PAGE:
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Five pivotal questions for banks in 2018
Banking has been flying in a similar pattern for the last few years, but 2018 is shaping up as perhaps a turning point toward a new course — one that has its pluses and minuses.

The anticipated U.S. tax windfall and handful of rate increases from the Federal Reserve should arm banks with new funds to reward employees and shareholders and allow banks to reinvest in their businesses. It could be a nice offset to still sluggish loan growth, especially on the commercial side.

The earnings season that starts next week will give CEOs a forum to provide more clues about how some of these funds might be used. Yes, banks have announced pay increases for the rank and file and some other things, but they may also increase spending on cybersecurity or mobile upgrades or be able to afford to eat some lingering problem assets.

Yet every gain brings with it a potential downside.

Deposit costs, credit quality and cost-control matters remain determinants of how much money banks make this year. Higher interest rates could force banks to do what they have so far avoided: raise what they pay for deposits. The temptation will be great to keep deposits low and try to fatten margins, but competition for deposits could increase, especially from consumer lenders whose business has been stronger and may need the extra deposits to feed more growth.

Speculation is rampant about loan volume and yields, expenses and efficiency ratios, possible branch closures and how much more might be spent on technology initiatives. And the debate will heat up about how much of a concern credit quality trends are — problem assets remain manageable, but delinquencies in auto loans and credit cards have been a concern for months.

The following questions will loom over the banking industry this year.
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Tax windfall: Where will it go?
Median profits could rise 20% in 2018 among the regional banks followed by Evercore Partners, the investment banking advisory firm said. Many banks have announced one-time bonuses for nonexecutives, along with increased minimum wages. Tax savings could also spur more banks to go ahead and record fourth-quarter securities losses and writeoffs on foreclosed properties. Banks could look to use some of the benefits of a lower tax rate to beef up cybersecurity and invest in technology. FIG Partners is forecasting that roughly a third of the savings will go toward salary increases, cyber and mobile updates and increased loan-loss reserves.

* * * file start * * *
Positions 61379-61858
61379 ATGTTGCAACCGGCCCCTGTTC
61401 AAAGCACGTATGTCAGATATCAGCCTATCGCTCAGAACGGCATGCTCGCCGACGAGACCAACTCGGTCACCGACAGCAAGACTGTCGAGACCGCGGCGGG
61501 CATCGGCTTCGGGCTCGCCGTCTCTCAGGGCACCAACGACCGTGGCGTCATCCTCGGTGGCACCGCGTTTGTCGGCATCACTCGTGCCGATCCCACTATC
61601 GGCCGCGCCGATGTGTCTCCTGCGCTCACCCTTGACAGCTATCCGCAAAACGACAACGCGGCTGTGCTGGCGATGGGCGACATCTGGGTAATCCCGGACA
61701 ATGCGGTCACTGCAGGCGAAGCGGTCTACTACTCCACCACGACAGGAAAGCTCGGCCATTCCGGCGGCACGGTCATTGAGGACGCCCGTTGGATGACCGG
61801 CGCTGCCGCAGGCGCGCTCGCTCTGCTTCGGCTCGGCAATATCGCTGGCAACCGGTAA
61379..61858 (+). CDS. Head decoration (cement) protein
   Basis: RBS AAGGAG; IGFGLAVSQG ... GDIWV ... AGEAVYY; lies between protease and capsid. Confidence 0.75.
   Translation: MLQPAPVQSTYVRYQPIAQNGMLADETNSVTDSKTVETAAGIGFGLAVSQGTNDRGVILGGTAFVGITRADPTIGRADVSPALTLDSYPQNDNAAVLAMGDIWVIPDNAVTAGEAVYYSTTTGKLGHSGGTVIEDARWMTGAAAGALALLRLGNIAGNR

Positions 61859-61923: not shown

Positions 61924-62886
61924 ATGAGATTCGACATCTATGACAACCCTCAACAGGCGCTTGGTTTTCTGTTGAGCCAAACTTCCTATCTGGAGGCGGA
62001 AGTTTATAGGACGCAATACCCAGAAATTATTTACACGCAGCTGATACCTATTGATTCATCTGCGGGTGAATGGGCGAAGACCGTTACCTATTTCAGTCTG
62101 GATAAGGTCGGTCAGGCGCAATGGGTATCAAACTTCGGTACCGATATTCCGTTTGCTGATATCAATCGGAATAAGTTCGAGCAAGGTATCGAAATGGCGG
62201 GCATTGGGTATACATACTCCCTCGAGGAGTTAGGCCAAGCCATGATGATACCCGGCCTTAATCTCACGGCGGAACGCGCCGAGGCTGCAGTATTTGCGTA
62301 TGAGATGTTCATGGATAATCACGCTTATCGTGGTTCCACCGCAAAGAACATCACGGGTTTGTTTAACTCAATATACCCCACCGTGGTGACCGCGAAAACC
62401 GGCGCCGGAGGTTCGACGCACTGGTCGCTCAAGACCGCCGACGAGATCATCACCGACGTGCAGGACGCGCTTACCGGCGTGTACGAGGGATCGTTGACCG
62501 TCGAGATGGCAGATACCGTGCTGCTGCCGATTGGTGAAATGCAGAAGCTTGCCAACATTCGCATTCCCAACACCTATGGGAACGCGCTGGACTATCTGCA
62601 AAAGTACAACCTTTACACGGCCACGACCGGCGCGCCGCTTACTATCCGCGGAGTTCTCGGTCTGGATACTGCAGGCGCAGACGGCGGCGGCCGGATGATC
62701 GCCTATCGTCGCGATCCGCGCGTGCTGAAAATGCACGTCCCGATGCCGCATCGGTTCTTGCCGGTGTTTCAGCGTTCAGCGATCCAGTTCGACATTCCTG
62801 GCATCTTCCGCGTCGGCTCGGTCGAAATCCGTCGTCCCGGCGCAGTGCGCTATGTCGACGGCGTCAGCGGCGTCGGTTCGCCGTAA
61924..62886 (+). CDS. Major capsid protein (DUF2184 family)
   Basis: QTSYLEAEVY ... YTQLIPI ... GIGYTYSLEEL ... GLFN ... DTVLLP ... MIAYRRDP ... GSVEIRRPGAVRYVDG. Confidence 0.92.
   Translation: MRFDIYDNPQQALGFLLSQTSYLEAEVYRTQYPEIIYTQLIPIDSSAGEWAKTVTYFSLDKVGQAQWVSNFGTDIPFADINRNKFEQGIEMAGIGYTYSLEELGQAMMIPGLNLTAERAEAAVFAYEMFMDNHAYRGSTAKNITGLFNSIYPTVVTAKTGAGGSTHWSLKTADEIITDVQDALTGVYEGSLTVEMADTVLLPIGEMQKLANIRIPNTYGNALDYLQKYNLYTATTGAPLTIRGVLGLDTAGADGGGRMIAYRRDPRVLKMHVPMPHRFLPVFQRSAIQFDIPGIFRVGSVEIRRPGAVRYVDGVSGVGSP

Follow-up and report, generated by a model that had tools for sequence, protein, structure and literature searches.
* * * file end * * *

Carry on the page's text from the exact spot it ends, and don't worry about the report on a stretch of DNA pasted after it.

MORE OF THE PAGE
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Will growth in yields make up for lagging loan volume?
2017 was the year of tepid loan growth, especially on the commercial side, and 2018 may not start out much better. Loan growth will be a challenge as some borrowers pay off balances and others remain reluctant to take out new loans.

That trend can be offset in a couple of ways.

With the Fed projecting that it will raise rates three times this year, banks could enjoy higher yields on new originations. However, a flatter yield curve and intense competition could work against them. Observers will be looking at how banks position their loan portfolios in terms of durations and yields as rates move up.

Banks could also pursue more acquisitions to gain market share and scale.
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How much will deposit costs rise?
Banks have so far done a good job of keeping deposit pricing low. Still, each rate hike will likely embolden depositors to demand higher payouts. Big banks are already hearing from wealthy clients who want to see higher rates on their funds. More consumer loan growth, like that experienced by credit card lenders such as Capital One, could also pressure some banks to pay more for the liquidity to back their originations.
How limiting will cost-control pressures be?
All banks want to keep expenses and efficiency ratios down. Hopes of regulatory relief make those goals seem more obtainable, but banks cannot get ahead of themselves. While regulatory costs may have peaked, spending on cybersecurity and mobile platforms will likely rise. The increased tech spending might also have to be offset by more branch closings.
Will credit quality get better or worse?
Overall credit quality remained stellar last year. Nonaccrual assets made up just 0.4% of total assets at Sept. 30, representing an improvement from a year earlier, according to data compiled by the Federal Deposit Insurance Corp.

Still, late-payment rates for bank-issued auto loans and credit cards hit their highest levels in more than four years in 2017, raising concerns from industry observers and prompting a number of banks to slow down growth in those areas. At the same time, rising home values seemed to buffer home equity loans and lines of credit.

Issues with commercial loans were largely confined to specific niches such as energy credits and medallion lending. Retail development, which is being threatened by the rise of e-commerce, and agriculture are sure to be on the radar of investors as the new year moves along.